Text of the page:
We pulled into the Moscow train station and set off towards the station entrance with our new Finnish friends. We chatted and walked in the bright sunshine when suddenly, the daughter interjected, “did that say Stone?” I wheeled around and saw a man walking next to the train with our names on a sheet of paper, so we waved a sad farewell and headed off to our hotel.

Thanks to Russia’s tight-fisted visas, the clock was ticking for anything we wanted to see in Moscow. Despite this urgency, the remainder of the day was nearly derailed when we arrived at the Arbat House hotel after 3 months of Asian guesthouses. The luxurious bed & enormous pillows, spacious bathroom (whose floors remained dry during a shower) with plentiful toilet paper, excellent internet and quiet courtyard out the window called to us, “hey, relax, take the day off.” Nevertheless, we limited ourselves to scrubbing off 5 days of train travel before heading out to find some dinner and see the sights.

Moscow is a beautiful city. Their restoration work is meticulous and never-ending, as old, 15th-and 16th-century buildings stand next to new office spaces and apartments, with virtually no indication where one ends and the other begins. The character of the old city remains intact despite the refurbishment, with the striking stone buildings retaining their original design and charm.

Despite the old buildings, Moscow is undoubtedly a modern city. Outrageously expensive sports cars gleamed and rumbled as they raced through the busy streets. Pricey clothing and accessory boutiques abounded, alongside upscale restaurants and bars whose staff, I suspect, would have frowned at our travel-worn t-shirts. We were provided a glimpse into the cost of living when, after finding a sensibly-priced restaurant, we discovered that their reasonable prices were directly related to their snack-sized portions. This was quite an adjustment after our culinary experiences in Asia, where we’d grown accustomed to receiving a multi-course meal and drinks for less than the cost of many western appetizers.

After dinner, we headed to Red Square. My expectations were somewhat modest since our visit to Tiananmen square, but I was blown away when we arrived. The expansive, cobblestone square is surrounded on all sides by spectacular buildings. On one side, a surprisingly picturesque stone shopping mall, known as the Upper Trading Rows, occupies the entire block. Opposite the mall stands Lenin’s mausoleum, appearing to have been carved out of a giant block of granite, yet dwarfed by the imposing wall of the Kremlin behind it. Providing one of the entrances to the famous square, the Resurrection Gate stands next to the State Historical Museum, whose sculpted red bricks contrasted with silver peaks to form the illusion of snow on the rooftops. Of course, the far end of the square provides one of the most iconic views in Russia – the famous (and spectacular) St. Basil’s Cathedral, glowing in the amber light of the setting sun. As we soaked in the view, the light slowly changed and intensified, transforming from yellow, to orange, to red, then faded until a rich, cobalt sky was all that remained.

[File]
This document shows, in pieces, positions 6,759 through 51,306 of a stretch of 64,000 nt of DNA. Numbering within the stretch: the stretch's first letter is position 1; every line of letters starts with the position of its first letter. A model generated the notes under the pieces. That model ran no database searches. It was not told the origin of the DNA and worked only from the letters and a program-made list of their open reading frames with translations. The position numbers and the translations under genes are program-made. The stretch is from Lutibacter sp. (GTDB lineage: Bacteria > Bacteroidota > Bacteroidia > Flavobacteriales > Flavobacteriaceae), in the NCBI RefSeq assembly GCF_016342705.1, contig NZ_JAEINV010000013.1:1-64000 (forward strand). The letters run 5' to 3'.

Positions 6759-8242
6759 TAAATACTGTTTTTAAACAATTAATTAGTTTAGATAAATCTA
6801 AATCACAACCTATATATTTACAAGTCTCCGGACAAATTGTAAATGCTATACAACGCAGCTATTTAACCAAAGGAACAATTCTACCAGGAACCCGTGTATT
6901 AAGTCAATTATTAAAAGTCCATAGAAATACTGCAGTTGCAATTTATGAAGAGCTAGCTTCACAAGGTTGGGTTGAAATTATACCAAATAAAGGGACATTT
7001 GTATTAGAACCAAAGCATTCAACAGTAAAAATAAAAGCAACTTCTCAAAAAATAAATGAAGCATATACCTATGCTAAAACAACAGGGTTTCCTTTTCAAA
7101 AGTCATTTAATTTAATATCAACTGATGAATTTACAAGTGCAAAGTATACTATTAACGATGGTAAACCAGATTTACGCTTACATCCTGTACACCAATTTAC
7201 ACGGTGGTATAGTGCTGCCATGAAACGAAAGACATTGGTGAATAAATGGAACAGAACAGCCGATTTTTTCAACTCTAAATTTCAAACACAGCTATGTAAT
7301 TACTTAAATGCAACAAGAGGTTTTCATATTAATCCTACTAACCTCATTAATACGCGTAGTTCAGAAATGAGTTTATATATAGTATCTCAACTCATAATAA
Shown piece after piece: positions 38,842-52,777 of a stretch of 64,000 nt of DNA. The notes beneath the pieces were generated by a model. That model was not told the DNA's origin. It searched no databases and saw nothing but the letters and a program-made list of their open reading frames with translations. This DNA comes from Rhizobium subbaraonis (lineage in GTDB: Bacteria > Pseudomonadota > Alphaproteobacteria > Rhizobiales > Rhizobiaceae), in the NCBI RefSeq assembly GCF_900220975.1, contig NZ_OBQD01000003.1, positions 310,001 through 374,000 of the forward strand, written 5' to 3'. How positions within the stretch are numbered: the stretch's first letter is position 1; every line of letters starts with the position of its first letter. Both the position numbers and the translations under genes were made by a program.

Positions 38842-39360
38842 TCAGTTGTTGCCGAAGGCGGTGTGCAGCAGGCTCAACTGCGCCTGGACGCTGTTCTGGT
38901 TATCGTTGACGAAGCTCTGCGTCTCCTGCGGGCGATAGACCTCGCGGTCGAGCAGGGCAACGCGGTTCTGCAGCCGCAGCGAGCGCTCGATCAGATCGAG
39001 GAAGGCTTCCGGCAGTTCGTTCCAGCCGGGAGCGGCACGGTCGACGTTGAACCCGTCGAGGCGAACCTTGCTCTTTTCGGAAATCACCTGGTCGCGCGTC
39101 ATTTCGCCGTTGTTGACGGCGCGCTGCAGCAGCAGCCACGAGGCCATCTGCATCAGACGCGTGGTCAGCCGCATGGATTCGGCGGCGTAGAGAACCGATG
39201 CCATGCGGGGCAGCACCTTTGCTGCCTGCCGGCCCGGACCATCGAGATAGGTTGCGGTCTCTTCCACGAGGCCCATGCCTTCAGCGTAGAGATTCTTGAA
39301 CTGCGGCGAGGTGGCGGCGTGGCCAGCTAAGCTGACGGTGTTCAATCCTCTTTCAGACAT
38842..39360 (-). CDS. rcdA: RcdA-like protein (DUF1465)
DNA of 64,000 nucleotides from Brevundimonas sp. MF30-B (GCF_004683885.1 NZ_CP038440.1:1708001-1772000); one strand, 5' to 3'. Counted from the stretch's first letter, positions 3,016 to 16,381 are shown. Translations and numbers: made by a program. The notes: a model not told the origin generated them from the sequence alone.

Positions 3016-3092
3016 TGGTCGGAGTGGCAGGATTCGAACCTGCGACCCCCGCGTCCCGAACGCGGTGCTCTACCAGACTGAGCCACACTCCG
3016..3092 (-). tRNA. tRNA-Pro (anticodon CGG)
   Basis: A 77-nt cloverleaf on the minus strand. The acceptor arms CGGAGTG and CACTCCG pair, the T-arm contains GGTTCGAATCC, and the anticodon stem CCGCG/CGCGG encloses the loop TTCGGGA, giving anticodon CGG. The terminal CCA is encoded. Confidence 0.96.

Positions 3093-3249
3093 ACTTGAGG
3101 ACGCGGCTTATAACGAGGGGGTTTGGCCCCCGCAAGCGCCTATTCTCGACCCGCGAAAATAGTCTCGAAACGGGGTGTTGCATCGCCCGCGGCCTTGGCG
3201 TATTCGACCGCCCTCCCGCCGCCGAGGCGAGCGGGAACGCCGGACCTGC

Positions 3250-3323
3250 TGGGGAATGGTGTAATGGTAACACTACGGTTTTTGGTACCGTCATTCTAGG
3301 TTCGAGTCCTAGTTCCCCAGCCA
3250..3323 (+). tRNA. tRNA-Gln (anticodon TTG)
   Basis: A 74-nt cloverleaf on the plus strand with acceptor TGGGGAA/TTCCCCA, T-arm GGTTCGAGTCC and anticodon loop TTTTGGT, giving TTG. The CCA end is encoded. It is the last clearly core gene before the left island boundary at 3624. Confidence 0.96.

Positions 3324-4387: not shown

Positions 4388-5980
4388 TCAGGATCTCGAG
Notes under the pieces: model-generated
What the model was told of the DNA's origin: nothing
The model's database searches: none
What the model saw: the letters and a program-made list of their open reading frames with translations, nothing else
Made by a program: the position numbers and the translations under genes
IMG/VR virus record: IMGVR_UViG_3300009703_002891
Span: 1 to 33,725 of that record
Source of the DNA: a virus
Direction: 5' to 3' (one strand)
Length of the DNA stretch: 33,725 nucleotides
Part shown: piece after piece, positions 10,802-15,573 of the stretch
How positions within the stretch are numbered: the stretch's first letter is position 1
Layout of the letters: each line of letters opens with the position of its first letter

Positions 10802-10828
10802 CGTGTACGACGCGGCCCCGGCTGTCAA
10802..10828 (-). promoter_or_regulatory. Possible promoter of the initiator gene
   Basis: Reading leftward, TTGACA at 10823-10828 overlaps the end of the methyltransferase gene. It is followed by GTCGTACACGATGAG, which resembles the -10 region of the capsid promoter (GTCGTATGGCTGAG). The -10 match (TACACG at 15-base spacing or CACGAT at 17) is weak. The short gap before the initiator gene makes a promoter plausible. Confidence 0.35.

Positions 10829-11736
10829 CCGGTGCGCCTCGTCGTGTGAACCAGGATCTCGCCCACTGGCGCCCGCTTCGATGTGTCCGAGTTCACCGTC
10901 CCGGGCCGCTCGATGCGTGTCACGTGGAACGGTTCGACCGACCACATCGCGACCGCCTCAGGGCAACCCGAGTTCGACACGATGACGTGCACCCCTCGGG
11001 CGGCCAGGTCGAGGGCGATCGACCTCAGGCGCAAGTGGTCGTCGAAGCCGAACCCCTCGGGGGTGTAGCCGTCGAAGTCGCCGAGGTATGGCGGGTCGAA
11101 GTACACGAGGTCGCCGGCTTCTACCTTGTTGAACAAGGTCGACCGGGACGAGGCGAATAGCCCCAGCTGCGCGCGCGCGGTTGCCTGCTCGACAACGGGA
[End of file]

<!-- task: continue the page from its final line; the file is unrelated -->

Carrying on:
St. Basil’s Cathedral has had several names over the years, originally the Cathedral of Vasily the Blessed, and now formally known by the awkward mouthful, the Cathedral of the Intercession of the Virgin by the Moat. It was opened in 1561, after Ivan the Terrible commissioned two architects to build it in 1554 to celebrate a military victory. The local legend is that, after the completion of the work, Ivan had the two men blinded so that they would never again be able to build anything as beautiful.

The next morning, we were met by a local girl, Alaina, for a walking tour of the city. She spoke quickly and turned out to be a wealth of historical knowledge of the city’s buildings and streets. Clearly a high achiever, she was attending university on a full scholarship, majoring in diplomatic studies, and spoke 5 languages – Russian, English, Chinese, Korean and German. We wandered around the old part of the city for a few hours, while she pointed out unique buildings, historic locations and explained the statues scattered liberally around the streets. Moscow in the summer is a truly pleasant place to be, as the bright colors of fresh flowers decorate every corner, and the warm sun ensured the ice cream vendors lining every alley never failed to look appealing.

Once we took our leave of Alaina, we stopped to enjoy some local food for lunch. I sampled pelmeni, a type of dumpling filled with meat, potato or mushrooms. Jenn, ever distrustful of foods where she can’t see inside, selected a venegret, a traditional beet salad with pickled vegetables. After lunch, we set off on our own for more exploration, wandering for several kilometers before arriving at the doorstep of the Cathedral of Christ the Savior. This magnificent, gold-topped building took nearly 40 years to complete at the end of the 19th century, commemorating the defeat of Napoleon. It was the site of Tchaikovsky’s premier of his 1812 Overture in 1882, but was destroyed by Stalin in 1931 and wasn’t rebuilt until more than 60 years later.

While we would have loved to stay longer, our visa was expiring the next day, ensuring that we took our bus departure time seriously. After one last glimpse at St. Basil’s, we bade a fond farewell to Russia.

2 Responses

  • Cathedral and flowers are amazing. I see you’re still coloring, Jenn. 🙂
    Sure looks like a beautiful city.

  • For such a brief visit these photos of Moscow are beautiful. On another note, I always try to get out of the supermarket as fast as possible, Yeliseyevsky’s would be an experience to savor.

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